Social Security Reform – Enough to Make One Curse
Let’s start off with a civil exchange of thoughts from Andrew Samwick and Mark Thoma. Andrew writes:
The President used to go around the country making speeches of the form, “Social Security is in financial trouble. We need voluntary personal accounts.” The speeches made no sense, as many people (like Mark) rightly pointed out. There is no connection between restoring solvency and voluntary personal accounts … Okay, it’s a new day, with new leadership in Congress. The Administration cannot now presume to dictate the terms of the debate. The Administration essentially has to win one key point about the goals of the debate: that the standard for reform should be that under current projections, the final product achieve “sustainable solvency” for the system: a positive and rising Trust Fund balance at the end of the projection period … The message to Democrats is as follows: go find a plan that achieves sustainable solvency without personal accounts and then we can talk.
Fair enough, but Dean Baker might suggest that the size of the benefits cuts needed for long-run solvency are not that large. But why on earth do we have the get the usually gentle Max Sawicky cursing at this lady:
It also means that the White House is willing to listen to other ideas, administration officials said, including personal savings accounts that do not involve diverting Social Security taxes, as well higher payroll taxes to help cover a projected explosion in Social Security costs after members of the baby boom generation begin to retire in 2008 … The big three entitlement programs eat up 8 percent of the country’s total economic output and are projected to double in cost over the next 50 years, creating a budget hole that must be shrunk by cutting benefits or filled by raising taxes.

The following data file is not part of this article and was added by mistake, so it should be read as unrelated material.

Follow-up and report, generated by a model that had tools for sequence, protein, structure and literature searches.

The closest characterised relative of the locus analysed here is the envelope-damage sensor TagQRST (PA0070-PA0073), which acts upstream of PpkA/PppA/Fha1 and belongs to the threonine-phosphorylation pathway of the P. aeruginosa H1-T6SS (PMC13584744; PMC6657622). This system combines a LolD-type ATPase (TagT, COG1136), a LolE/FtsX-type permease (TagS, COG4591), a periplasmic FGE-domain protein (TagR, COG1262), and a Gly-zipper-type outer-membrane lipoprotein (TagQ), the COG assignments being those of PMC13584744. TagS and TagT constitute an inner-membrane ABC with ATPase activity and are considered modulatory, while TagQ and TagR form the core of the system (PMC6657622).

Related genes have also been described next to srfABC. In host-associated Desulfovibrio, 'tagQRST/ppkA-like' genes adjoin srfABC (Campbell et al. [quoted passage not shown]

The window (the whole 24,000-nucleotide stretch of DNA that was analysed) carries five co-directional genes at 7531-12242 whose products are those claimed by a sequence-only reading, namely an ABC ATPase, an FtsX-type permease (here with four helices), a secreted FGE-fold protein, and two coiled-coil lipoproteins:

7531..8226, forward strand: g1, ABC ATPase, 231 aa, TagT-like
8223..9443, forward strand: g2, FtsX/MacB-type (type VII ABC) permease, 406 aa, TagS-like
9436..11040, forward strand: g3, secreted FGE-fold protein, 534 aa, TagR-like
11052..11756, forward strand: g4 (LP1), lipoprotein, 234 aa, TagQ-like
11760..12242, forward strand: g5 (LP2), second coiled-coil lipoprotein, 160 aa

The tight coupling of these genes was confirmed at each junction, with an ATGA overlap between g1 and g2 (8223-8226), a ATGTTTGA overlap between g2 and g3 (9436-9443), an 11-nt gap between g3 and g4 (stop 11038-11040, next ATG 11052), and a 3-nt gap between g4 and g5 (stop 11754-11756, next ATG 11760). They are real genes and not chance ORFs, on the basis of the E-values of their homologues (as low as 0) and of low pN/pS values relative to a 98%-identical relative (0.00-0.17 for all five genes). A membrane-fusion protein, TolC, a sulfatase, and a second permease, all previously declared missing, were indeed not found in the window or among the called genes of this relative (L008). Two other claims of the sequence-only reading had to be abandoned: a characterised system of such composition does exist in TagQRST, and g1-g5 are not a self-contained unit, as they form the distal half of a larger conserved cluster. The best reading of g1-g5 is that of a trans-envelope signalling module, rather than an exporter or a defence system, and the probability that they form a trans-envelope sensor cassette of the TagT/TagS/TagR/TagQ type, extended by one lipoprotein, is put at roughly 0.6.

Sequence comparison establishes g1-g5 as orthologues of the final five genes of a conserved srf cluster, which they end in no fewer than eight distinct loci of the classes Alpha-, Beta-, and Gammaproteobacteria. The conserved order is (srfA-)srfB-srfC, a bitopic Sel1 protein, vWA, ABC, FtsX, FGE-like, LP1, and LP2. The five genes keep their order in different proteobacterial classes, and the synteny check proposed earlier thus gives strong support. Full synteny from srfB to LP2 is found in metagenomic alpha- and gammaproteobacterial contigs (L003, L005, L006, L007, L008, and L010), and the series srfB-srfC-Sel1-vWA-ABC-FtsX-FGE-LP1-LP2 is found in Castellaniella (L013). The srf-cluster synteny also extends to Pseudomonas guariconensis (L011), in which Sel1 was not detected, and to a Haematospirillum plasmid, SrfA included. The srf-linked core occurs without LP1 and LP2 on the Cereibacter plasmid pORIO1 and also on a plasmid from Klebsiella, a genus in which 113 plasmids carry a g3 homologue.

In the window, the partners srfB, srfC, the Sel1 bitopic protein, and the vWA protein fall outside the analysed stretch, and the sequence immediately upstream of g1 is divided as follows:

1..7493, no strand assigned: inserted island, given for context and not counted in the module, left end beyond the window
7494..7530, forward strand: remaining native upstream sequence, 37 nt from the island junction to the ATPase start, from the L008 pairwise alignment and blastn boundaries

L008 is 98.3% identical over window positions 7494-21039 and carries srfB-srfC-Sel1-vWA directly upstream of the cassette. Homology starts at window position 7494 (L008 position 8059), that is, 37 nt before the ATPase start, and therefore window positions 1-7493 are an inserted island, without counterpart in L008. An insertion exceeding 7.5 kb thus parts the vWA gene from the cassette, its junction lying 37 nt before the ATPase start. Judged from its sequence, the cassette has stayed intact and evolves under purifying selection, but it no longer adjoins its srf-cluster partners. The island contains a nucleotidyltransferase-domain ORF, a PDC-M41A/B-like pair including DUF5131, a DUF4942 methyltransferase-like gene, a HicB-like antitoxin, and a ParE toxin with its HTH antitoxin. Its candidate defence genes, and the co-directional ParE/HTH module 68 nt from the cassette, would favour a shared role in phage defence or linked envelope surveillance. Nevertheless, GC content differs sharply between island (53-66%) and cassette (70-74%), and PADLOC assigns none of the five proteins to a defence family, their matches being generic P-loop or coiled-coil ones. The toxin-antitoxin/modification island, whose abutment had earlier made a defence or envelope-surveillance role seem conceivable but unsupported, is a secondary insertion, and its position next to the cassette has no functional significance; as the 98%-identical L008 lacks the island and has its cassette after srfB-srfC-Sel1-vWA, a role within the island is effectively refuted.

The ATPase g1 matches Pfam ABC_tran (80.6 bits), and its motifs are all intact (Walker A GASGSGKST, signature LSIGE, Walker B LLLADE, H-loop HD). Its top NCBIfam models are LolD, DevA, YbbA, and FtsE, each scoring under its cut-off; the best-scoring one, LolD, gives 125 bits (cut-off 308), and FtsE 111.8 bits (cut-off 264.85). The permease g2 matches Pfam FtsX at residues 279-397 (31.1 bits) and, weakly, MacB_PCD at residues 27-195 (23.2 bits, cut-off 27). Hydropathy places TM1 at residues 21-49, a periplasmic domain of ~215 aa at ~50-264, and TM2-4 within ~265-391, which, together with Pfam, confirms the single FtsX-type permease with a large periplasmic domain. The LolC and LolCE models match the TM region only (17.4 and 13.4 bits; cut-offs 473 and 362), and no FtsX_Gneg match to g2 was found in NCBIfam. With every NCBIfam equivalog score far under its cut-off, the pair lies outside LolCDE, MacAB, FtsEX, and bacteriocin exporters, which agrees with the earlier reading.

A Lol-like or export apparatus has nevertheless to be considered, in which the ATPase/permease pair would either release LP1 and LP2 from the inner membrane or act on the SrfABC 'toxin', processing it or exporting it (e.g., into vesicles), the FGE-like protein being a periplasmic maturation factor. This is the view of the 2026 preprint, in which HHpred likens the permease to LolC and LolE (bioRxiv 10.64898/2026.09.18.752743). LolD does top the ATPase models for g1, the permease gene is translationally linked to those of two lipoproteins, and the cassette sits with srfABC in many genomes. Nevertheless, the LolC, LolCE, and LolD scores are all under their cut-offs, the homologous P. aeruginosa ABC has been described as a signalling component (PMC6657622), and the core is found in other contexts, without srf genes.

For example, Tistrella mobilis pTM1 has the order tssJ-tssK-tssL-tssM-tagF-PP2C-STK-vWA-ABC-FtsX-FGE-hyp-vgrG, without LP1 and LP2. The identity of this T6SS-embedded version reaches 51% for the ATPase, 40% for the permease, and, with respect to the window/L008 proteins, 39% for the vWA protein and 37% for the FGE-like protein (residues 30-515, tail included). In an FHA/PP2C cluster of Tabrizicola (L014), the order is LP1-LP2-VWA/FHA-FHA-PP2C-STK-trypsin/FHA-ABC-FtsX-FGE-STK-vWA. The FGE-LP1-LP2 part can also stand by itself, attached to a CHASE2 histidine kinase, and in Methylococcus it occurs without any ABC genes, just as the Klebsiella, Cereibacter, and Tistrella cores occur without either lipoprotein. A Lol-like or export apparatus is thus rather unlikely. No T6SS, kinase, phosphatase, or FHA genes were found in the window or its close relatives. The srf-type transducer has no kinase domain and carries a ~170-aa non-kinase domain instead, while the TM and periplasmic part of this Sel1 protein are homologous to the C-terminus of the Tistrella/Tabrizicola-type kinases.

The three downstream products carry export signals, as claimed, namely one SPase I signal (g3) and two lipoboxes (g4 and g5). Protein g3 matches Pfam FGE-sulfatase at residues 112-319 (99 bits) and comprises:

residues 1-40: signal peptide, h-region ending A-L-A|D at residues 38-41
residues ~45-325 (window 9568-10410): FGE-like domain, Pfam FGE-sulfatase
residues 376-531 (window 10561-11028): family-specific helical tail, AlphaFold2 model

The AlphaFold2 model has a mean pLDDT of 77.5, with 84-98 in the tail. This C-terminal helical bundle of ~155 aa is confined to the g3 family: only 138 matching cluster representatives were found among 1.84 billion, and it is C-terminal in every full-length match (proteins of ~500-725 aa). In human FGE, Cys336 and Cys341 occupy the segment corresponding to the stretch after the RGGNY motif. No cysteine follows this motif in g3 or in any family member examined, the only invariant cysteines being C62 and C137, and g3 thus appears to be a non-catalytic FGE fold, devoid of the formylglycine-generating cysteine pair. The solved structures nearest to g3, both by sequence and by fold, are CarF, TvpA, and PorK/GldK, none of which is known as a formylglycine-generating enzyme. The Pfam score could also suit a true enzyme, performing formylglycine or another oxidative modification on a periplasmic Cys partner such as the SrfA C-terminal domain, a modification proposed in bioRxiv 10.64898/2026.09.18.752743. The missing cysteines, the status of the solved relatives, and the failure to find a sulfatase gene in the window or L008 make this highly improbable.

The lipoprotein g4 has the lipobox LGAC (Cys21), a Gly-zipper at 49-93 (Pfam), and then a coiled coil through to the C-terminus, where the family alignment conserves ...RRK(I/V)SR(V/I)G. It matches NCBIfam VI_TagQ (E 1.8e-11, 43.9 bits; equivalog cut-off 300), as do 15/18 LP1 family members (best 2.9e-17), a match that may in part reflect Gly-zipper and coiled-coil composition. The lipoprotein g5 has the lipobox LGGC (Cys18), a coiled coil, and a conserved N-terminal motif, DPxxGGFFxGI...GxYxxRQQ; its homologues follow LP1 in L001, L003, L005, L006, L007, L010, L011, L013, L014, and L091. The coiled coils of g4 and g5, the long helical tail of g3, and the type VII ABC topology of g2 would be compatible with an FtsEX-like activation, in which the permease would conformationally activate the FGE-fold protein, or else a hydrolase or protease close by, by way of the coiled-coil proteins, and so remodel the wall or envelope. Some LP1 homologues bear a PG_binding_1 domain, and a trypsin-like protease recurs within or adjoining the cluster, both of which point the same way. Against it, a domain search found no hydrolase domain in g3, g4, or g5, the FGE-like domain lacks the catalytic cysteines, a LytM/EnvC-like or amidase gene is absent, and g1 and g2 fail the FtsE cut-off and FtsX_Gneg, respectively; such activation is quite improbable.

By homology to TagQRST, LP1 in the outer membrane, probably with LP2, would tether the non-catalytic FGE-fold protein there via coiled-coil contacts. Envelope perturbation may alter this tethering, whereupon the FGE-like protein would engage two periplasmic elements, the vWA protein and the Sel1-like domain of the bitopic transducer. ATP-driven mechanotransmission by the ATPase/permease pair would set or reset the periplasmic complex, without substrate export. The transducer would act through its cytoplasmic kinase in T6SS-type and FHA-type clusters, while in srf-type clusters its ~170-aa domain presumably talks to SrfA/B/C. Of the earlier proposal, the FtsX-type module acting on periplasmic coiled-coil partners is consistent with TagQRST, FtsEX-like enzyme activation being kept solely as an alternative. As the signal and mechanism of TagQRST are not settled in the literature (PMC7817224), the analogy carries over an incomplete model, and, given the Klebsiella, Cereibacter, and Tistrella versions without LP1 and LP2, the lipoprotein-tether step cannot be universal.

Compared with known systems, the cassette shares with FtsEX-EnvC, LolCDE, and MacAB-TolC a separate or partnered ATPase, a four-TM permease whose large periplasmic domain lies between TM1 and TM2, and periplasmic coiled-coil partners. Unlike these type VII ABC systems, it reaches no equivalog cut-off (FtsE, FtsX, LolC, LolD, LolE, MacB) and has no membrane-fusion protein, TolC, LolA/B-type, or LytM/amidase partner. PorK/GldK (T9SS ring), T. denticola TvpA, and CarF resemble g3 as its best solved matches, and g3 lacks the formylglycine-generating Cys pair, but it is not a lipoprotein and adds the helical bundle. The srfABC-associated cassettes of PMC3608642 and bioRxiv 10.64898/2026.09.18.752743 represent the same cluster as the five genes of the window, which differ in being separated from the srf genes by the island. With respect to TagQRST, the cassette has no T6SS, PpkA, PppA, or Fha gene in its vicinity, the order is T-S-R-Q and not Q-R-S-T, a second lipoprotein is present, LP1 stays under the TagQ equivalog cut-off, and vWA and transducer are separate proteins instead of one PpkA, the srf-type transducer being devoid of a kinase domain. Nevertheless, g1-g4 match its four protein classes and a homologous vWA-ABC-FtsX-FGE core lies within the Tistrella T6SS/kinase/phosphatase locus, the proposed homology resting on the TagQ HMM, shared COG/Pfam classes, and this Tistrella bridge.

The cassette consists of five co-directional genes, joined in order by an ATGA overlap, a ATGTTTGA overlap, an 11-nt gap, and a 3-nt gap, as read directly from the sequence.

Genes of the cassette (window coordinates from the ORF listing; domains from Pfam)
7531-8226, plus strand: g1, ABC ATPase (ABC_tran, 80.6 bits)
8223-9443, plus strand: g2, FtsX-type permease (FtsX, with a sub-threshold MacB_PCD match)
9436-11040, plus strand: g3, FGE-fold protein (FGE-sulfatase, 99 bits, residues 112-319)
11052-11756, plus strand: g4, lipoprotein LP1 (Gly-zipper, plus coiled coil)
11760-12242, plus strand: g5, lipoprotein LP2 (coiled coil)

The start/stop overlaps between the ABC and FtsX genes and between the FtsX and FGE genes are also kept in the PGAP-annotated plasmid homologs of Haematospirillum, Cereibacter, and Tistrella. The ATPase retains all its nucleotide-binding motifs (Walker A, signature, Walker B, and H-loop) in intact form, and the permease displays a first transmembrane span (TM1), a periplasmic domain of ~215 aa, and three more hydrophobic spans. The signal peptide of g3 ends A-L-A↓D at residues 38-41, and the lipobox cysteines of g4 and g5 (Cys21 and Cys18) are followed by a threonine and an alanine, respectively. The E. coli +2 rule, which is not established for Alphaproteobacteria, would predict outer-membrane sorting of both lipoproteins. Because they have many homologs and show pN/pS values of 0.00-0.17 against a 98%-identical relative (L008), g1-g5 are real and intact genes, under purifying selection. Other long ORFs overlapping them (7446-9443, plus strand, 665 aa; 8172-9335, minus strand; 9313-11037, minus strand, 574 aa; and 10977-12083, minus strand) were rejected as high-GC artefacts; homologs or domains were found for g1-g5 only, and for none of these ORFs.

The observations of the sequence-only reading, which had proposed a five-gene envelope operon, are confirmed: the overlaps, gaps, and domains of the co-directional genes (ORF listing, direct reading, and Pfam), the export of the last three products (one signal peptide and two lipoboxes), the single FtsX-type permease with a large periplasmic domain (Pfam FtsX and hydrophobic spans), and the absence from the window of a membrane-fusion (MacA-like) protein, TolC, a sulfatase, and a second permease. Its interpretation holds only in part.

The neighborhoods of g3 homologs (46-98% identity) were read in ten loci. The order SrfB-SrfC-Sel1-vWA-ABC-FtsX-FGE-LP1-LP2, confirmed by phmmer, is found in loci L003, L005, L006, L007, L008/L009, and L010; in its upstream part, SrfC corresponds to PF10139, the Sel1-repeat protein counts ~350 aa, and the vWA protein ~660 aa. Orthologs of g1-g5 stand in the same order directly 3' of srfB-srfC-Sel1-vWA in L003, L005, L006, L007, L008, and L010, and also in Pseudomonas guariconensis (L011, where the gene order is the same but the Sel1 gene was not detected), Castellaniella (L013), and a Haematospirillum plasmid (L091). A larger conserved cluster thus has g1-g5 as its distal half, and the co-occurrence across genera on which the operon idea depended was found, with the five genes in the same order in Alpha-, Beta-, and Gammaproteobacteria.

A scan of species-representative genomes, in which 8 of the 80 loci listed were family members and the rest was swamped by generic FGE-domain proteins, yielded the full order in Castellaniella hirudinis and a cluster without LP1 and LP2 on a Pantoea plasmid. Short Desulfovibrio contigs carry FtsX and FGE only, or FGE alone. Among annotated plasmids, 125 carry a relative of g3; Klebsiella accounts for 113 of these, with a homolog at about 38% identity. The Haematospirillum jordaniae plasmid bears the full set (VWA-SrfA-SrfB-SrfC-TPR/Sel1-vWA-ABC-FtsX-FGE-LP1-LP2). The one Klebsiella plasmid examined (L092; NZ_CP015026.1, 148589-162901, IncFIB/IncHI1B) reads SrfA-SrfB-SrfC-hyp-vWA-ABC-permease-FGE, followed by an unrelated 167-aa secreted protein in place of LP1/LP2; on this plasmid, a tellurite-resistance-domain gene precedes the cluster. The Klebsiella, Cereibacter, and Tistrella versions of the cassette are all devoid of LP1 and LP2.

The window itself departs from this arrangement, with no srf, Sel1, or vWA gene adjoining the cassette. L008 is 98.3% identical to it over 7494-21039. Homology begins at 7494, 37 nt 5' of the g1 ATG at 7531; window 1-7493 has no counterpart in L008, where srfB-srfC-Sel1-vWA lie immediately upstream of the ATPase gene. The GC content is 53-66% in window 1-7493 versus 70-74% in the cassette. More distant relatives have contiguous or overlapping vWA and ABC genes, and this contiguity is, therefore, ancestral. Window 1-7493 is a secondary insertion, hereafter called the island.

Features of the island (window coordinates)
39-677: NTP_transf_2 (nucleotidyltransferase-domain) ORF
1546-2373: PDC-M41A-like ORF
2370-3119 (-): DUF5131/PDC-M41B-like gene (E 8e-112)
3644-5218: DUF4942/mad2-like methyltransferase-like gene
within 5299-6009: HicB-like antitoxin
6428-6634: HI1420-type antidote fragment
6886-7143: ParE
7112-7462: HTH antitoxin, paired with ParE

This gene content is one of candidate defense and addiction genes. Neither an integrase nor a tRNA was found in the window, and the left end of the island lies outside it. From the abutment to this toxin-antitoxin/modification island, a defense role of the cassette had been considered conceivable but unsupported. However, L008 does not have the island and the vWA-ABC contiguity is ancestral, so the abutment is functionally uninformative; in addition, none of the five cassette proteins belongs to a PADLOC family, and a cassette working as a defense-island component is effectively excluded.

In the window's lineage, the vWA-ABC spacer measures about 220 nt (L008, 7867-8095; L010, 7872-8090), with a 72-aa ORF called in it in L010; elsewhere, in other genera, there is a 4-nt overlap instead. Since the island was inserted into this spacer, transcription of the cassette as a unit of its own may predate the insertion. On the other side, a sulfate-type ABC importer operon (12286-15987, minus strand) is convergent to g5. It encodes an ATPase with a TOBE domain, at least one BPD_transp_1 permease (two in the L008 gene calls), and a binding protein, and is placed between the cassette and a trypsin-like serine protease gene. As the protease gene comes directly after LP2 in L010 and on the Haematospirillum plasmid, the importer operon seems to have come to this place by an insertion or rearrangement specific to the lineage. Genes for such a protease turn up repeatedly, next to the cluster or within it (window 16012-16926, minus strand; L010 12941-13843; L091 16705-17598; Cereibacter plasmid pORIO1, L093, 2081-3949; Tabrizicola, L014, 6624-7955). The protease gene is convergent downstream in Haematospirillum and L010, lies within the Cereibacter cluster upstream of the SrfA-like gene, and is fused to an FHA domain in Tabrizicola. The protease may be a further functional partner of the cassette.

When Max wasn’t cursing at Lori Montgomery, he managed to draw a neat graph showing “costs” as a percent of GDP (slowly rising) and “the drain on the non-Social Security budget” also as a percent of GDP, which actually starts off with non-interest surpluses from now until 2018. But pay close attention to Max’s green line, which he calls the “money legally owed to the program”. It seems the Social Security Trust Fund continues to grow and best yet – earns interest. OK – after a while, it starts to decline as the baby boomers take the retirement benefits out that they’ve been putting into the program for decades.
I trust Lori Montgomery does not like to be cursed at by gentlemen, but until she understands this issue – could she cease and desist from writing such garbage in the Washington Post? Sorry to include such this turkey amongst some good contributions from Andrew, Dean, Mark, and Max. Happy a nice Thanksgiving Day.